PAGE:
In the harsh desert environment of the Kunene region in Namibia, live the Himba People. Despite the modern world creeping ever closer, the Himba have resisted change and preserved their own identity and rich culture.
On the Move: A Way of Life - Today, the Himba Tribe numbers about 30-50,000 people. They are closely related to the Herero people and speak the language of Otijihimba, a dialect of the Herero language. The Himba people are semi-nomadic, so are often on the move. As a result, they don’t have a lot of possessions. They breed cattle and goats, which are essential to their livelihood, and must move constantly with their herds to new watering places. Their homes are simple round structures, plastered in mud and dung. The roles within the Himba community are gender-defined. The women typically do more of the labor-intensive work. Women carry the water to the village; they build their houses and tend to the livestock. Women also raise the children in the tribe. Men handle the political tasks of their community, including legal issues, but economic issues are usually decided by the women. When a girl is born, her future husband is decided. They are then married when the girl is between 14 and 17 years old. Interestingly, polygamy is allowed for both men and women.
A Distinctive Appearance - You many not recognize the name, Himba, but you’ve likely seen photographs of people from the tribe. Both men and women go topless and wear lots of leather jewelry.
But it’s the women’s appearance that is so remarkable. Himba women slather a paste, called otjize, which is made of butter, fat and red ochre, on their skin and hair each morning. The paste gives them a distinctive red hue. It can take hours to apply the paste and to get their elaborate hairstyles just right. The intricate hairstyles include bits of woven hay, goat hair, and sometimes even hair extensions. Appearance is full of meaning for the Himba people. Before puberty, girls have only two hair braids (twins have only one braid each), but get more as they age. After a year of marriage or following the birth of their first child, Himba women add an elaborate animal skin or headdress to their hairstyle. Single men have only one large braid growing backwards from the crown of their head. After they’re married, men stop cutting their hair and wrap it up in a turban. They never remove the turban except for funerals. And after a death, they shave their head.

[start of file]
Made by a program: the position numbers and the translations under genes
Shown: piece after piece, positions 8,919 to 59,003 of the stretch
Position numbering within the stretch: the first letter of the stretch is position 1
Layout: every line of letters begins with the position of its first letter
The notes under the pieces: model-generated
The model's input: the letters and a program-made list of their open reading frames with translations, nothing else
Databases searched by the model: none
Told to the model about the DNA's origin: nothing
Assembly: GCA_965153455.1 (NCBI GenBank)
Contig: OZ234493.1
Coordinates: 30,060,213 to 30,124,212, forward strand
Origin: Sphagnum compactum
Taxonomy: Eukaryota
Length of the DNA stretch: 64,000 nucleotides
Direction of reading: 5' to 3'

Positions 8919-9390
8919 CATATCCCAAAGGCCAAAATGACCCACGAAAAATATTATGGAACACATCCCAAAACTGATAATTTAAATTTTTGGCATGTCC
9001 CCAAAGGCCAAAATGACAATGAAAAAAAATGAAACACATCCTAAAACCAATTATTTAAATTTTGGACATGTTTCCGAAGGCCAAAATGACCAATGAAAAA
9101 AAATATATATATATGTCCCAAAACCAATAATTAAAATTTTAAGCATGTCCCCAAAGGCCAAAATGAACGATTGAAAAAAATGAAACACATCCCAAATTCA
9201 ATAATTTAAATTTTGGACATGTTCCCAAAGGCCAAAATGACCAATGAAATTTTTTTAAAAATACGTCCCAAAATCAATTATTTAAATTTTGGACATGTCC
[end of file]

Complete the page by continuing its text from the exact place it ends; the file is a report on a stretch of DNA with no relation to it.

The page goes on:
Customs - Spirituality is important to the Himba people. They worship the god Mukuru and their ancient ancestors. An important role in the tribe is that of the fire-keeper, called the “okuruwo.” He is responsible for keeping the family ancestral fire burning. Every 7-10 days, people use the fire to communicate with Mukuru or their ancestors. The village chief has the only house that faces the fire. The Himba people also enjoy traditional music and dancing. A popular instrument is a musical bow, called an ohuta.
Tough Times - The 1980’s brought difficult times to the Himba people. In addition to the always harsh physical environment they live in, war and severe drought visited their homeland. During this time, some people left for Angola, some men joined the South African Army and others poured into the town of Opuwo for relief food. There, harsh poverty forced the Himba people into crowded cardboard settlements—a very different life than they were used to. These harsh times almost completely decimated their way of life. Around 90% of Himba cattle died, according to an article in National Geographic.
Resurgence - The 1990’s brought a return of peace and much-needed rain to the area. The Himba people were able to rebuild their depleted herds, and return to their way of life. There have also been recent efforts to give more local control to the Himba people, through local conservancies. Impressively, despite the ever-encroaching outside world, the Himba people have been able to hold onto a way of life that has been relatively unchanged since the 16th century.